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Thematic area


Climate Change and Health

Climate change has far-reaching impacts on human health and well-being. Health planning must integrate climate change (and vice versa) to ensure adaptation measures are in place for both preparation and response to these clear and present risks. Changing temperature and rainfall patterns impact crop yields, food security, water security, and nutrition, and increase the incidence of water and vector borne disease. Increased frequency and intensity of extreme events can cause not only injury and death, but also increases the risk of water-borne diseases (diarrheal disease, Hepatitis A and E, bacterial diseases such as cholera), diseases associated with crowding (measles, meningitis, acute respiratory infections), vector-borne diseases (malaria, dengue, Japanese Encephalitis), and psychological and emotional distress related to traumatic events, natural disasters or displacement. Health impacts from climate change are exacerbated in countries where health systems already struggle to manage existing health risks, and capacity to adapt to additional climate change-related health risks is limited. At particular risk are the most vulnerable: children, elderly and low-income communities.


With support from The GEF and UNDP nations across Asia and the Pacific are building resilience into their health systems.

The impacts of climate change - particularly sea-level rise and pronounced droughts - are having severe consequences in the Solomon Islands. With funding from the Global Environmental Facility’s Least Developed Countries Fund and supported by UNDP, the Solomon Islands Water Sector Adaptation Project (SIWSAP) addressed water, sanitation, and hygiene challenges on six water-stressed islands thereby improving health, sanitation and quality of life.

Climate change affects the social and environmental determinants of health—clean air, safe drinking water, sufficient food, and secure shelter. Adaptation projects designed to address food and water security, advance ecosystem-based adaptation, or enhance livelihoods, will help in addressing these interconnected issues.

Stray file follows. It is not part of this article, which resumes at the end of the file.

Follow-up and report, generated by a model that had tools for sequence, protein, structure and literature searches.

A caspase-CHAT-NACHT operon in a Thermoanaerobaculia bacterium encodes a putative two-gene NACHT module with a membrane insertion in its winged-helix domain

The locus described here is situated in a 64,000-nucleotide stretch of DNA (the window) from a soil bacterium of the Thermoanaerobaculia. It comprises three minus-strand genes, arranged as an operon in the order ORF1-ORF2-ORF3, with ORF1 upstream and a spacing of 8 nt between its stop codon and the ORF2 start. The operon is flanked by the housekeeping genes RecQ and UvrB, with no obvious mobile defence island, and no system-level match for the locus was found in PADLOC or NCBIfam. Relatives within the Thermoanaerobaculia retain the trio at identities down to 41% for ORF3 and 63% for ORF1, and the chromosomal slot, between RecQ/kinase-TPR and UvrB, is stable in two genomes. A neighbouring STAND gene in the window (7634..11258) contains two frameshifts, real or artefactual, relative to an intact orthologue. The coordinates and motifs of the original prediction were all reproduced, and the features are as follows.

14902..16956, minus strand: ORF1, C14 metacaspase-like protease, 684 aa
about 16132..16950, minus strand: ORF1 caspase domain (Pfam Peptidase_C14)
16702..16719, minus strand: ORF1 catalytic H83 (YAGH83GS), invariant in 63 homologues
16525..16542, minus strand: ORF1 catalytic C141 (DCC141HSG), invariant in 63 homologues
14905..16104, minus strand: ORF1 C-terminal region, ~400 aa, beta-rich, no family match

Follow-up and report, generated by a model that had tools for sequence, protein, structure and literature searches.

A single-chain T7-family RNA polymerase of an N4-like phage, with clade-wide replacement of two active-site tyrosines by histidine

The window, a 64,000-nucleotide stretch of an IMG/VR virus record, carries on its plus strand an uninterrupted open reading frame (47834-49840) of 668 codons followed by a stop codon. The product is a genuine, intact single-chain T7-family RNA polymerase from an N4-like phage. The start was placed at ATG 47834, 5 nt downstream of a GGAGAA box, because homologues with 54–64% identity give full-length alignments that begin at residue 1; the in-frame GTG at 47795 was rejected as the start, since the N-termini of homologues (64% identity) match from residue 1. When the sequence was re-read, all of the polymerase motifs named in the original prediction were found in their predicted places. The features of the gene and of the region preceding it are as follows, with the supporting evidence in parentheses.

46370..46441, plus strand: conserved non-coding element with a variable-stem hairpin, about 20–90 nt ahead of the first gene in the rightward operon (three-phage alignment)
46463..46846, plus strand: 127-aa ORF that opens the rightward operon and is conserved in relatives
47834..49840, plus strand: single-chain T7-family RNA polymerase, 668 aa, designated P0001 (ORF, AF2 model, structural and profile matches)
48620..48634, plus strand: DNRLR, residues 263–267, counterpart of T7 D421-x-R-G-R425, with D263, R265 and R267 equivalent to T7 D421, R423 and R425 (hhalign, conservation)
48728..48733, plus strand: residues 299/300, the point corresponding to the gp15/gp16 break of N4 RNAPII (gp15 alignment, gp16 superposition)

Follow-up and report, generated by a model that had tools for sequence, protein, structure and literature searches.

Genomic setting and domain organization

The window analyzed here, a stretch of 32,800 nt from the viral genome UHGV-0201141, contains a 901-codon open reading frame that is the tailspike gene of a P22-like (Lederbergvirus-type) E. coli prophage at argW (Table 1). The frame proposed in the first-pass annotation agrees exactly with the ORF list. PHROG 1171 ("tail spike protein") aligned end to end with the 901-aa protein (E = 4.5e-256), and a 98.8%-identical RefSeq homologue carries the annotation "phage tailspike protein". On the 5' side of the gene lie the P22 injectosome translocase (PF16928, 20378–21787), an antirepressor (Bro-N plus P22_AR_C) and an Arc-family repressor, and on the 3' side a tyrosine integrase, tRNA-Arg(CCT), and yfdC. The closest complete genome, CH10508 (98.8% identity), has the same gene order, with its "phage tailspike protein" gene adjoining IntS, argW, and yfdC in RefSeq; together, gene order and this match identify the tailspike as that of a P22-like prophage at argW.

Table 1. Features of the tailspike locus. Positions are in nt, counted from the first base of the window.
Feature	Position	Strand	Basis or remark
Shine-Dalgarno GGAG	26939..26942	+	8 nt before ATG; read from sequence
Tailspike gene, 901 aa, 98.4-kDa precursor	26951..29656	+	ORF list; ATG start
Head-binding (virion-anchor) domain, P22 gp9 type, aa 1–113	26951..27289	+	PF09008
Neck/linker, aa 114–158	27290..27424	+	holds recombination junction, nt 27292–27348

UNDP’s work on health is done in close partnership with WHO, including as co-sponsors of UNAIDS. The impact of the partnership, from the global to country level, illustrates how the core competencies of the UN health and development agencies can come together to support multi-sectoral responses for health and deliver shared gains across the 2030 Agenda.


Brief for project 'Enhancing Adaptive Capacities of Coastal Communities, especially Women, to Cope with Climate Change-Induced Salinity in Bangladesh' (known locally as the Gender-responsive Coastal Adaptation, or GCA, project) 

This Joint Value Proposition by UNDP and WHO on addressing climate change and health in the Europe and Central Asia region provides an overview of key thematic and programmatic entry points toward strengthening national health adaptation and mitigation capacities. Climate change is one of the greatest threats to human health worldwide, and the risks toward good health continue to grow. It threatens the essentials including clean air, safe-drinking water, nutritious food supply and safe shelter. The health sector has a double role to play.